Category Archives: Fourth Noble Truth

Eightfold Path: Spacious* View

* In this exploration of the Eightfold Path, we are seeing how the use of the word ‘spacious’ instead of ‘right’ or ‘wise’ affects our understanding. Please see the previous post ‘Spacious Eightfold Path’, January 13, 2011 for an explanation of why this seemed a worthy exploration.

In conversation we might say “In my view…” We build our sense of identity upon our view of things, the way we see the world, the beliefs we align with or rail against, and the people we see as like-minded allies or enemies.

“From my perspective…” is another term we might use. Again, we are choosing a particular vantage point from which to observe and react to the world around us. It’s useful to notice what vantage point we have chosen, since it shapes so much of how we participate in the world. Maybe we were born here in this perspective, born to a sense of belonging to these inherited beliefs, obligated to live and live up to them in order to honor or validate our history. Or perhaps we found this perch on our own, and feel the pride of our individual stake in the rich vein we have claimed. How we come to our perspective plays a role in how attached we are to it. Our ‘story’ is our identity. We rely on our story. It comforts us even if it is a terrible tale. It is our tale and we hold it dear, as we share it with others by word or deed.

Sometimes our story seems incomplete and we are in a state of seeking something or someone who can tell us who we are. We search for some kind of confirmation that will give us a clear vantage point, a deserved perch, a deed to this life we are living. ‘Who am I?’ we may ask with the same urgency as a baby bird clambering blindly in a nest cheeping for food.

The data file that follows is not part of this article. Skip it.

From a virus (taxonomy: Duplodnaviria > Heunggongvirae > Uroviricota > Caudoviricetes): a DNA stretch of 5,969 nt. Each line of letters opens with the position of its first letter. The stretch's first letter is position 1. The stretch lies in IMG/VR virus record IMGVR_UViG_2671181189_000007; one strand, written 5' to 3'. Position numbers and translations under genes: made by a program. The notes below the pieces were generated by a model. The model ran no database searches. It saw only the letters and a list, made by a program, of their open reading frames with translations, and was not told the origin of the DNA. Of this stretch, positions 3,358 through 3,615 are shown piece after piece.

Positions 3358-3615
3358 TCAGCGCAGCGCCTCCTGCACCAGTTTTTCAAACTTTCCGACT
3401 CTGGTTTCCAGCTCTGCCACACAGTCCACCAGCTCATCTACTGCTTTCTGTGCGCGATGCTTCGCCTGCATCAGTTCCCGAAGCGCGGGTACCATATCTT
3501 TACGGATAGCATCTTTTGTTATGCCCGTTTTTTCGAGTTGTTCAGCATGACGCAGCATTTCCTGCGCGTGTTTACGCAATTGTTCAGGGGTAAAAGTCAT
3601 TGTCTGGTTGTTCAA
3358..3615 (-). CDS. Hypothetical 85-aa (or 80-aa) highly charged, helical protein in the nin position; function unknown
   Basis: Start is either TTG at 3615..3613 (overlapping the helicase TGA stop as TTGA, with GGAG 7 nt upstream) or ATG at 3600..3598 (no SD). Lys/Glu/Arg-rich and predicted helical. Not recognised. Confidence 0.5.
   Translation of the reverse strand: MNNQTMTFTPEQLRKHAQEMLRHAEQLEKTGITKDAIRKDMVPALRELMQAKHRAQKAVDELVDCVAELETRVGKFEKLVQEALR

How does this attachment to our identity and this quest for a defining story, affect our ability to access Spacious View? When we are aligned so rigidly with a viewpoint, or seeking distinguishing marks that align and separate us, then how do we access or value Spacious View, where there are no sides, no mine, no yours, no theirs — just an infinite field of interconnection and compassionate understanding?

Although it might seem as if we need to get rid of our attachment to our identity in order to access this Spacious View, actually the attempt to get rid of it, or anything, knocks us out of an ability to access spaciousness.

Spacious View is the noticing of perceptions we hold and allowing room to explore them with increasing compassion and clarity. In this case, it is the gift of presence that arises out of noticing the way we cling to our story. We can notice the fear that we are nothing without our beliefs, our thoughts, our personality, our behavioral quirks that distinguish us from others, and our ways of being that mark us as part of this tribe and not that one.

Through the practice of meditation we begin to see the patterns of our thoughts and emotions. In class we have meditated together, making ourselves available to this sense of spaciousness. And hopefully, each of you have been developing or continuing a practice of daily meditation that furthers this sense of spaciousness.

Arising out of the stillness and inner silence, our alignments, our attachments, our judgments, our beliefs – everything that we thought makes us who we are – become visible in the spacious field of awareness that is infinite and generous.

If you notice any sense of defeat when I say this, as you judge your own experience of meditation, know that Spacious View has room for your defeat and your judgment or any other thoughts or feelings that arise.

As we meditate we are giving ourselves the quiet solitude we crave as a natural part of our lives. This is not news. The scientific proof of the value of taking time in silence for ourselves is everywhere in the media, especially in health news, to the point that it is an accepted part of our culture. And yet habits die hard and remarkably few people give themselves the gift of these quiet moments on a regular basis.